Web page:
29 Aug 2014
When those who are born again discover the life they had always dreamed of
Subtly influential atmosphere
The world since the garden of Eden is different. How long did man experience the bliss of that adventure and immense excitement and wonder in life, no one knows? But while Christians understand, in theory that Jesus came to restore to us what was lost, it may or may not ever materialize more then a Bible study curriculum and sentimental mind relax relaxers. But Jesus not only said that He came to bring life (John 10:10), but that He was life(John 14:6)! So where is the disconnect? Why are there non-Christians out there that are living in more of a state of freedom then born-again Christians? I’ll say this, it’s not Jesus fault.
Belief and Imagination
Some of the most powerful business models are those that include reaching beyond one’s comfort level, and growth as a result of pain. If what a person believes determines how far they will let themselves grow, rising the threshold will enable a greater potential for freedom in their life. Why is imagination something that supposedly only artists have anyway? What about imaginative accountants, industriously imaginative plumbers, excited theologians, or teachers? Why does only a small margin of society get to claim vibrant color in their profession/lifestyle?
I have come to discover something over that past several years that was refreshing to me – not everything outside of Jesus is explicitly evil incarnate. While there are some dumb, lazy, and morally unwise choices made, there is also a lot of wisdom that has been discovered too. And there is a surprising amount of intelligence in the lot that does not yet claim Jesus as Lord, while the irony is that not choosing Jesus is not very rational, there is still a lot of lesser intelligent discussion out there. Much scientific application leading to technology that powers much of the modern ways of our world today is spear-headed by those who are not necessarily “working for God”, but those who love what they do. Why can’t Christians love what they do as a means of loving God. Why do they have to be mutually exclusive?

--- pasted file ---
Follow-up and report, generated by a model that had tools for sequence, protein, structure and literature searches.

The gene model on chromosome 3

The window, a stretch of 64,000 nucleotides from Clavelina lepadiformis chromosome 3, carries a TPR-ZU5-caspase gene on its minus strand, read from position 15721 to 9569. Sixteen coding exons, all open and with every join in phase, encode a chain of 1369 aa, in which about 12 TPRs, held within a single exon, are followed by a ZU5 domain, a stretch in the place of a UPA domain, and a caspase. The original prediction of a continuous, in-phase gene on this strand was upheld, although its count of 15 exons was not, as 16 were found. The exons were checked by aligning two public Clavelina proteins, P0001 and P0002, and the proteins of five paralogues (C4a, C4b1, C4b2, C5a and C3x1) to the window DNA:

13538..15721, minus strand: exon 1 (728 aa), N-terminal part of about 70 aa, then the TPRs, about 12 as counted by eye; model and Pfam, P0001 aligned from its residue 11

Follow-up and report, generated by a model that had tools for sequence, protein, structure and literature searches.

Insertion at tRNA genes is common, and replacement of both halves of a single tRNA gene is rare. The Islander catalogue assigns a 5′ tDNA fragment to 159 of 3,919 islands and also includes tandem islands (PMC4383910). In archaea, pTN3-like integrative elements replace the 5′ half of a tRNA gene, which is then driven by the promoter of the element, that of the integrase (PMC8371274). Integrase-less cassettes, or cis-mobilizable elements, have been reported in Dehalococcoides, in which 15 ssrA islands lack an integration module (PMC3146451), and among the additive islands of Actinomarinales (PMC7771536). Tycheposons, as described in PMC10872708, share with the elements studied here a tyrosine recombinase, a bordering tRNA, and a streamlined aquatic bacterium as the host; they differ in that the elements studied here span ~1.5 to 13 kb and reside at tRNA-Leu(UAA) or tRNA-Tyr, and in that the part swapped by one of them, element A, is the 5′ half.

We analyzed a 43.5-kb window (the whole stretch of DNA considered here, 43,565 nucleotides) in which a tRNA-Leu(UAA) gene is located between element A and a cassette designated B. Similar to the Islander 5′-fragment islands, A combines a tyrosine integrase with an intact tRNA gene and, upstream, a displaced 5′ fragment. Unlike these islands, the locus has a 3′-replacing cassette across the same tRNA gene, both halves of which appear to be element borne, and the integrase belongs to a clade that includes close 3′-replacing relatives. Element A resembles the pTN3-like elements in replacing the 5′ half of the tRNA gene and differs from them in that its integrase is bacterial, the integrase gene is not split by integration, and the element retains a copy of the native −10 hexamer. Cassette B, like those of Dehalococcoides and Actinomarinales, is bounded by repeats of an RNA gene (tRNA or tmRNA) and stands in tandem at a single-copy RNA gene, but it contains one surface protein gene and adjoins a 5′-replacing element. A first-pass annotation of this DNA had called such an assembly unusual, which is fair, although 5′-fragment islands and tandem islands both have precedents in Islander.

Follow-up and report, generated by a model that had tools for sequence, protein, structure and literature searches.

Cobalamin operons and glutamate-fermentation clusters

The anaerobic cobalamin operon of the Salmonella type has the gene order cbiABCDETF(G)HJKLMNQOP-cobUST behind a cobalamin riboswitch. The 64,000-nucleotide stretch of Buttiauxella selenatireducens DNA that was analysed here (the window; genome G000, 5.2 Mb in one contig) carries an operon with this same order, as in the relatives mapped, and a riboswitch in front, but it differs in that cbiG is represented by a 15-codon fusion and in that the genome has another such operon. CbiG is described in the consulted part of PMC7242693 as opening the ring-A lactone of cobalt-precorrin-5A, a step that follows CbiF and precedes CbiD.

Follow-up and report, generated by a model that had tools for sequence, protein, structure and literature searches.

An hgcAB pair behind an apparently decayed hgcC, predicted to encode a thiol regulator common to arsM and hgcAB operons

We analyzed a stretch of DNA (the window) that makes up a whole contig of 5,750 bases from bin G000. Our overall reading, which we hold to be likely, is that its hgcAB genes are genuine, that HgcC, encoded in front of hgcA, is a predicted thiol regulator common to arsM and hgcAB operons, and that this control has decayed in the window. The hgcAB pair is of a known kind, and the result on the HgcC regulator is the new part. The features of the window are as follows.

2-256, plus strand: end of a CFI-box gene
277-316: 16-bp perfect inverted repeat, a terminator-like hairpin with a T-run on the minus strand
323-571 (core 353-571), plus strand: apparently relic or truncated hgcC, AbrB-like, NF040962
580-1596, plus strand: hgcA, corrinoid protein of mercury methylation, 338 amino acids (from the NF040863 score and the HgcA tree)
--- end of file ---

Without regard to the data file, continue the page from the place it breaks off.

I am all for Iconoclasm, since it makes people analyze what prior innovative giants have come up with. But especially in Christianity, where reason has really been pushed to, at best, a low second place. It is not enough to say that choosing Jesus is the wisest decision in the world, because a person still hasn’t given the reason why! It is the same as justifying walking off a cliff with logical reasons. Something can still be logically wrong, just as something can be morally right, and still delivered terribly. I am opening up to the prospect of bringing of controversial questions with Christians, and see if their God-given gift of reasoning is turned on and fully functional. It is really a shame to see Christian emotionalism alive and well today, and gives credence to why those outside of Christianity are mocking it.
When a child see’s something he wants, he doesn’t stop to think whether he should, he simply determines if he could. He’s not contemplating moral and social ramifications. Honestly, a child is closer to eternity in terms of making decisions that are life-giving. He is living out of a state of desire that is a raw, untamed power. His eyes are full, and rippling with curiosity. He is in a state of wonder of what would life be like with that new toy? Christians, in making a parallel, can also see their dreams out in front of them, and reach for it. But, like in the child’s case, the adult supervising will try to prohibit the child from doing something that the adult foresees as having a bad consequence. But Christian’s should have only one “supervisor” they should be listening to. And while the advice of friends and family is good to consider, a person is in control of their own life, and they will face the consequences of what they do or do not go after.